Snapshots reveal details of Saturn’s gigantic hurricane

Storm dwarfs anything on Earth

An enormous cyclone spinning around Saturn’s north pole puts to shame even Earth’s most devastating hurricanes. New snapshots reveal that the storm’s eye spans 2,000 kilometers, making it some 30 times larger than the average Earth hurricane eye. And with a speed of more than 500 kilometers per hour, the storm’s winds blow twice as fast as a Category 5 hurricane, NASA announced April 29.

A hurricane spins around Saturn’s north pole, as seen in this false-color image captured by the Cassini spacecraft. In this image, red clouds sit at a lower elevation than green ones. NASA, JPL-Caltech, SSI

Astronomers first detected the storm several years ago during Saturn’s winter, when the north pole was shrouded in darkness (SN: 11/8/08, p. 9). When the planet’s spring sprung in 2009 and sunlight returned, NASA scientists repositioned the orbit of the Cassini spacecraft, which has watched over Saturn since 2004. It took several years before the probe was finally in the place to image the cyclone.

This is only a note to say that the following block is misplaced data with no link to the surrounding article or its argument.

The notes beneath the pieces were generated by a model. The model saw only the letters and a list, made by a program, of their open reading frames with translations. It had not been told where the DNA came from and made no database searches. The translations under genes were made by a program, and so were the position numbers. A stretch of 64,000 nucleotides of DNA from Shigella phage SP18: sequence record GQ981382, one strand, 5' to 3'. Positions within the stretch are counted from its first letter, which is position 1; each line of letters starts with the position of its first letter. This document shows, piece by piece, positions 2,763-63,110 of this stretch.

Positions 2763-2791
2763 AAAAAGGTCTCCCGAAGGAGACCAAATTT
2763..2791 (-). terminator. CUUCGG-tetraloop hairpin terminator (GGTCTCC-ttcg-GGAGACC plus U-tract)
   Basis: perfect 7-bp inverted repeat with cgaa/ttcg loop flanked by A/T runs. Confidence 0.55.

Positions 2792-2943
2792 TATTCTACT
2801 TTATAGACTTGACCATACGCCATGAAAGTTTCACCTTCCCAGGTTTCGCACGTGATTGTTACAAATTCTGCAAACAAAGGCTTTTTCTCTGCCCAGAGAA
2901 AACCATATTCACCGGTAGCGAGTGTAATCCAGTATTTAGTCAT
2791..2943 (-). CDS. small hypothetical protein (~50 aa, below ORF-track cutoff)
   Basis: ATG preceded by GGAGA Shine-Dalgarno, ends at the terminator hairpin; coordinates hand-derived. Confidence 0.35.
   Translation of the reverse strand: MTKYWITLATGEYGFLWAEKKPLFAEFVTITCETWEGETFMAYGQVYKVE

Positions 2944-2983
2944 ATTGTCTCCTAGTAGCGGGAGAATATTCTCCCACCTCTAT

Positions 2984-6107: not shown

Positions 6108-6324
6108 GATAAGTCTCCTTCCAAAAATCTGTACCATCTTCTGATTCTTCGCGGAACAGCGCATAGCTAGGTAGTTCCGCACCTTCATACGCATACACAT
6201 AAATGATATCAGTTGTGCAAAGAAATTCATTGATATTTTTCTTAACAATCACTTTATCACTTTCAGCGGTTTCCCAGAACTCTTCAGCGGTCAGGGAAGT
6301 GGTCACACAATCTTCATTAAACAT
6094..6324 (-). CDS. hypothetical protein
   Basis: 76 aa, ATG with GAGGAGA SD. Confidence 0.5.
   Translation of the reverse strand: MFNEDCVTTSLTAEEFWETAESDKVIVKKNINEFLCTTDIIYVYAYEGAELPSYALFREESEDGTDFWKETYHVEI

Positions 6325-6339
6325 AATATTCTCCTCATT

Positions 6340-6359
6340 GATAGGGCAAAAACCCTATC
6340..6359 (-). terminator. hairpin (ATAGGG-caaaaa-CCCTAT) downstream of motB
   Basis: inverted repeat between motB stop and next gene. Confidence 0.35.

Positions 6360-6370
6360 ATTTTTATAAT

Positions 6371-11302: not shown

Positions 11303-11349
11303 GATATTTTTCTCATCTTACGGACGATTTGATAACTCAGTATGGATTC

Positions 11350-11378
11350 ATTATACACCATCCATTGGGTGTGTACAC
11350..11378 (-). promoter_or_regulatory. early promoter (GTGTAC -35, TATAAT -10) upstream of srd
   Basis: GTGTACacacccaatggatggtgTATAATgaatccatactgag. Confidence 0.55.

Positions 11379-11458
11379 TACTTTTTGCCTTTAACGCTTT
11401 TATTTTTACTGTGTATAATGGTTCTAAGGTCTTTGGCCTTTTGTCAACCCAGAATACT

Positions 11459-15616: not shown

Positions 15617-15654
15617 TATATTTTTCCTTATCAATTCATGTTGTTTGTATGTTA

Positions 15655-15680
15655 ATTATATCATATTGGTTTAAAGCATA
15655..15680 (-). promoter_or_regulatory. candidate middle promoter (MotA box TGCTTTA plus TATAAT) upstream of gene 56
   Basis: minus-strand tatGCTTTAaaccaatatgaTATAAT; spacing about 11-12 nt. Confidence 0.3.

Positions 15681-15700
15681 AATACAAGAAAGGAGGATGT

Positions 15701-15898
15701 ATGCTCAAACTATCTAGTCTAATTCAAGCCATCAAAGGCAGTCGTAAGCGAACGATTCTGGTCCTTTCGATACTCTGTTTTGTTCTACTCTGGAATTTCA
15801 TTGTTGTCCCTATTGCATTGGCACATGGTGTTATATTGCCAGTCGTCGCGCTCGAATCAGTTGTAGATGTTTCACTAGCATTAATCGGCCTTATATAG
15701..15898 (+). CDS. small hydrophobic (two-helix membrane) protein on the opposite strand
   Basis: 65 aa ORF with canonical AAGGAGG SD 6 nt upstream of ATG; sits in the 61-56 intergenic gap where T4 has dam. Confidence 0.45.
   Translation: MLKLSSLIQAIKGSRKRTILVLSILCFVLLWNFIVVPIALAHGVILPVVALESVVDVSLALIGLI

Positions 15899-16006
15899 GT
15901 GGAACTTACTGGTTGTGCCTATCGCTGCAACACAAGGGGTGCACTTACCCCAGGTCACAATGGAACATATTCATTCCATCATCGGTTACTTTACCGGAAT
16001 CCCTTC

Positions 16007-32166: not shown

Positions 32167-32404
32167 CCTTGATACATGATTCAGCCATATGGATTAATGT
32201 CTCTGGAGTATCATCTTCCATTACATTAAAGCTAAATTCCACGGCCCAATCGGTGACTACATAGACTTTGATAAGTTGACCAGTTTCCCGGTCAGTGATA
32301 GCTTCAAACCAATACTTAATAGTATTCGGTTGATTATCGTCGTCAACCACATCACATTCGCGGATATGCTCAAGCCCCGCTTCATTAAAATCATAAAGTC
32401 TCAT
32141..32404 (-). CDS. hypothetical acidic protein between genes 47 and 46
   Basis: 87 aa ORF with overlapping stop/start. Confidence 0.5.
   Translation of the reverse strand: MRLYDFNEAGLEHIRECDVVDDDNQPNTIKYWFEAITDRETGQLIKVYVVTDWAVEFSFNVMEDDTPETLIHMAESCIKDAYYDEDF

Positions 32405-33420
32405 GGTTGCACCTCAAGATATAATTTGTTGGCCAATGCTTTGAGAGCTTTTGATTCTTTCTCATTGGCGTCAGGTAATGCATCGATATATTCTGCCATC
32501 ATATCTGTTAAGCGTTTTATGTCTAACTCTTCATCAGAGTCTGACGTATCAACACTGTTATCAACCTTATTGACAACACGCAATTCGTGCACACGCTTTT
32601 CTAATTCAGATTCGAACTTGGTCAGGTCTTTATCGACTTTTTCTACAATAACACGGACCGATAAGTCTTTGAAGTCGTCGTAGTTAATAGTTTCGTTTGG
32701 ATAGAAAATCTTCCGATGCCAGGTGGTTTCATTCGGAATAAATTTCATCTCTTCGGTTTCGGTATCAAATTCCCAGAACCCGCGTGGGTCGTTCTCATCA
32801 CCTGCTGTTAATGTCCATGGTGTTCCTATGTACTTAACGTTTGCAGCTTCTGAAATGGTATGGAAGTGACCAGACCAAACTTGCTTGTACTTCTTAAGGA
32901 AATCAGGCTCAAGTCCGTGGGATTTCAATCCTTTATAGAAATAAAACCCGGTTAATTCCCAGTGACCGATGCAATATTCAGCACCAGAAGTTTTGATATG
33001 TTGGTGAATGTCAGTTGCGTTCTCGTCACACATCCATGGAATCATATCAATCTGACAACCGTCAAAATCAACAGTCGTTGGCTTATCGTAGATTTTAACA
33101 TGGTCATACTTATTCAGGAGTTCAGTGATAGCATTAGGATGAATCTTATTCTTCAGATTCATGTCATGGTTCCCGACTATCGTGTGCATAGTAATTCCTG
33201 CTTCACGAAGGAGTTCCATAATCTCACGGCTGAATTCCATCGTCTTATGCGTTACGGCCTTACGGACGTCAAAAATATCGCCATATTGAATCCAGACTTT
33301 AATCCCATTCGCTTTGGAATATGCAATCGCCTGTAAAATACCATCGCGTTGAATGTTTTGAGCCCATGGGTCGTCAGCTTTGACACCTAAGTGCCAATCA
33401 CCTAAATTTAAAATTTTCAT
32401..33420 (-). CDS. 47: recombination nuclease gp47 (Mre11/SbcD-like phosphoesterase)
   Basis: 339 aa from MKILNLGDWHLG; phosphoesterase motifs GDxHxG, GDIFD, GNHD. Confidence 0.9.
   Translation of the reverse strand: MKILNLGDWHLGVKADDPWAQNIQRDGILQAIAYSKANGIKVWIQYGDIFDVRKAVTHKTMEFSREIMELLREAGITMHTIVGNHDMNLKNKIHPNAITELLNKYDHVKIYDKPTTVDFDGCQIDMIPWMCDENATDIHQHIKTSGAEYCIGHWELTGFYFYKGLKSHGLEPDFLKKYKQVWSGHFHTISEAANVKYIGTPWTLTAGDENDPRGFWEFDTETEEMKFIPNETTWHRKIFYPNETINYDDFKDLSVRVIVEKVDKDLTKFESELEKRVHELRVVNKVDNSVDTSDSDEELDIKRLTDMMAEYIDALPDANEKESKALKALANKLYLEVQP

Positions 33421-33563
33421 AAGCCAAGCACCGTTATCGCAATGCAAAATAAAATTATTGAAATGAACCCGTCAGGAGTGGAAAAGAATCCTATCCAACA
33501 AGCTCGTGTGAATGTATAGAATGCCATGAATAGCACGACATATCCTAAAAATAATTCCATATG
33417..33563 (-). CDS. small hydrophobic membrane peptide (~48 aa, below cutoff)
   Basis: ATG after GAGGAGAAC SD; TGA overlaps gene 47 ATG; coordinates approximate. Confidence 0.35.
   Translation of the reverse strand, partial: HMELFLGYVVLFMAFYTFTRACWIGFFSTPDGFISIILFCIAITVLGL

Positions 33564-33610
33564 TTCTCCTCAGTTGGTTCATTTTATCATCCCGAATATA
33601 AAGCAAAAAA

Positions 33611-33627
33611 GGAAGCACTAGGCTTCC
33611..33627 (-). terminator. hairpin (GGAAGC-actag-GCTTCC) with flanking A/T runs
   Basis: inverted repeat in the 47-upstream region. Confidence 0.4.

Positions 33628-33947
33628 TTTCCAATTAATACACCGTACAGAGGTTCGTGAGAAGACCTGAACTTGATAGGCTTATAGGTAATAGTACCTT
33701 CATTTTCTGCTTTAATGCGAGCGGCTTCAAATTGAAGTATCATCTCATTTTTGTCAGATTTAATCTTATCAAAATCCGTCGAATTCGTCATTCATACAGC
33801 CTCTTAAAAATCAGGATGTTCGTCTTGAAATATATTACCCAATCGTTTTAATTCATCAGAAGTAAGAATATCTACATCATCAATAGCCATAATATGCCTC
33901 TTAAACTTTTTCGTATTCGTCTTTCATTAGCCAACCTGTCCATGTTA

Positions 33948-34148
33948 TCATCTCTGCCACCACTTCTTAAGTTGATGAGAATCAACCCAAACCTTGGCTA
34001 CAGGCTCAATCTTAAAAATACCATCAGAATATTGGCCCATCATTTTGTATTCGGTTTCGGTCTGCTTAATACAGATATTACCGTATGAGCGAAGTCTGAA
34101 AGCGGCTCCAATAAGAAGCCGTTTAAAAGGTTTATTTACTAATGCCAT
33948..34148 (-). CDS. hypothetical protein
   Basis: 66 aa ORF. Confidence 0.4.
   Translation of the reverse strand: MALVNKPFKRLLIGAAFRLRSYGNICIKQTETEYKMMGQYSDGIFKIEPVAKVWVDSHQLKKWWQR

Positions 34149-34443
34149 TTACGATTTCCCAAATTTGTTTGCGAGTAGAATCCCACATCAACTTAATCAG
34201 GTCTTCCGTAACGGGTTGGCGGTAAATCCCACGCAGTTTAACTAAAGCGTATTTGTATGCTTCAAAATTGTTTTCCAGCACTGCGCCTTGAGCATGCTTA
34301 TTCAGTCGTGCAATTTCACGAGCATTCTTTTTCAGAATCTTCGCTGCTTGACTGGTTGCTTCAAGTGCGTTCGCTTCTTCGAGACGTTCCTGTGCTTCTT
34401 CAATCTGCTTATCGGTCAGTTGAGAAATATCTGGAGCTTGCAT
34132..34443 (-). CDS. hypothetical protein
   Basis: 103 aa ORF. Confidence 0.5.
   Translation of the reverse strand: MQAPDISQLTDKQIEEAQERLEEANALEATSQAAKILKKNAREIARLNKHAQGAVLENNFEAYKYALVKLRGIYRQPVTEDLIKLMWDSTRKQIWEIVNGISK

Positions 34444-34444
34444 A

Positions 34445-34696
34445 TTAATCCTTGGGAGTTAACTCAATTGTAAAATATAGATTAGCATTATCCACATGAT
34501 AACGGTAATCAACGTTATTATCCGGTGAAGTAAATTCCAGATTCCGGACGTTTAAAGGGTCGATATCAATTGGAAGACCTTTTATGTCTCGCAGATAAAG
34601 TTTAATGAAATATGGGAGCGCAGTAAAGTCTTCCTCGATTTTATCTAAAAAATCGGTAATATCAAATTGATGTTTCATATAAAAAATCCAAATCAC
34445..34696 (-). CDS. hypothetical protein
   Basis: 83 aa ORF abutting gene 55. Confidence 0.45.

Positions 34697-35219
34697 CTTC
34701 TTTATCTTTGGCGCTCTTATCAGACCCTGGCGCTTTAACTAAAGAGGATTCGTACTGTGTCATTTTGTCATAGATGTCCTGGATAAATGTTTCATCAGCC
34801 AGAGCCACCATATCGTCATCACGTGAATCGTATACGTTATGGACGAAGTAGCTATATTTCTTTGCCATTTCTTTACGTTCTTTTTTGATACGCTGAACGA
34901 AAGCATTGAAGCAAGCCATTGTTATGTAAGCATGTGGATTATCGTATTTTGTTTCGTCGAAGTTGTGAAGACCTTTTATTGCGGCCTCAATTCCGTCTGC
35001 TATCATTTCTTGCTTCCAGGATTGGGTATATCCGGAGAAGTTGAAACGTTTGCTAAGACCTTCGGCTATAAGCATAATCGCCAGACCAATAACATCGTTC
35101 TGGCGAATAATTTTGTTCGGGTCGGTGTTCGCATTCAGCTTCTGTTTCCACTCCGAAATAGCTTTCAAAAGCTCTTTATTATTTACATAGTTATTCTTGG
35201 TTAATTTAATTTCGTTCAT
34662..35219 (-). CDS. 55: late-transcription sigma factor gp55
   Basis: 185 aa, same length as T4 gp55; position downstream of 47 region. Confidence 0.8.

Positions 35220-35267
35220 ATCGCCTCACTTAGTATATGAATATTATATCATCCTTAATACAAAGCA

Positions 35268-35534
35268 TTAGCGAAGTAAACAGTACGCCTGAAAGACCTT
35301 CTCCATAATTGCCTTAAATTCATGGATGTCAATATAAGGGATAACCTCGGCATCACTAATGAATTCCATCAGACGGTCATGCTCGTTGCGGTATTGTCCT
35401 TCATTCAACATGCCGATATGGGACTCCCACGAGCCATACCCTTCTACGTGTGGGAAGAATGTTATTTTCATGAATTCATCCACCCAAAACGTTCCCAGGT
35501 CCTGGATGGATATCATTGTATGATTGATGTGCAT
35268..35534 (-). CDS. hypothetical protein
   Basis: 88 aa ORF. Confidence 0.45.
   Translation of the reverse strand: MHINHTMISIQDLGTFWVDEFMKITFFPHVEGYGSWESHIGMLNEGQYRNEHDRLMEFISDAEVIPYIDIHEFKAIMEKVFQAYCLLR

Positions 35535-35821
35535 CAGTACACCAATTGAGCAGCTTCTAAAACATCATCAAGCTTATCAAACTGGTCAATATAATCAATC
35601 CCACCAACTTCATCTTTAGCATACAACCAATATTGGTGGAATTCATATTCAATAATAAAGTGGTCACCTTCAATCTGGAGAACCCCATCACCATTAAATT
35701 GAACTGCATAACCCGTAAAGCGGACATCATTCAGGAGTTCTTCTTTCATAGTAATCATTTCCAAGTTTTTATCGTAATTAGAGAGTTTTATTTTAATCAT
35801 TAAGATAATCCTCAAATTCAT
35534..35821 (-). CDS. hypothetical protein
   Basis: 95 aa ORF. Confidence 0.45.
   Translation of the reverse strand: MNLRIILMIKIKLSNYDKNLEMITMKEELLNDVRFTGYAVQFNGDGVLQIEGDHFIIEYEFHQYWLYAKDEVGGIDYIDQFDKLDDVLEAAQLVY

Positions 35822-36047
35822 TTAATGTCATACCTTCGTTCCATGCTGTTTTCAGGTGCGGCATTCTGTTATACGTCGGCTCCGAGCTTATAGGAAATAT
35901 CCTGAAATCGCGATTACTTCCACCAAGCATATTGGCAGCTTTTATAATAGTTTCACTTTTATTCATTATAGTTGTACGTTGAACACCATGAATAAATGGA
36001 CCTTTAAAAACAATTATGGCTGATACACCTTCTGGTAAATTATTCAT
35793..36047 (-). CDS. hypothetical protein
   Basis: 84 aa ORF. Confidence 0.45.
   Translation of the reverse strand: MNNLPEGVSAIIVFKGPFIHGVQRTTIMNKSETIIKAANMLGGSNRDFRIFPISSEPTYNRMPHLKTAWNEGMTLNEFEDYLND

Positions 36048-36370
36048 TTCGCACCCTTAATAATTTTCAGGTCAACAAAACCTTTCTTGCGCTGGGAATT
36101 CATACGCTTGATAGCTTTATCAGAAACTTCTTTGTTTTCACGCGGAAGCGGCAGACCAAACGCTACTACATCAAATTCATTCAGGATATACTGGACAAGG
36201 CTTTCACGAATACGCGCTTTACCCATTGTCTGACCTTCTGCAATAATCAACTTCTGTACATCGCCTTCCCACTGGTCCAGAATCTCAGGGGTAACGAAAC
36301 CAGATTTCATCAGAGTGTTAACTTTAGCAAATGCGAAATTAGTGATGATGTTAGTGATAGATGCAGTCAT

Scientists aren’t sure what powers the jumbo hurricane. On Earth, warm ocean water propels such storms. With no ocean on Saturn, minute amounts of water vapor in the planet’s atmosphere may fuel the hurricane, NASA scientists say.

Erin Wayman is the managing editor for print and longform content at Science News. She has a master’s degree in biological anthropology from the University of California, Davis and a master’s degree in science writing from Johns Hopkins University.

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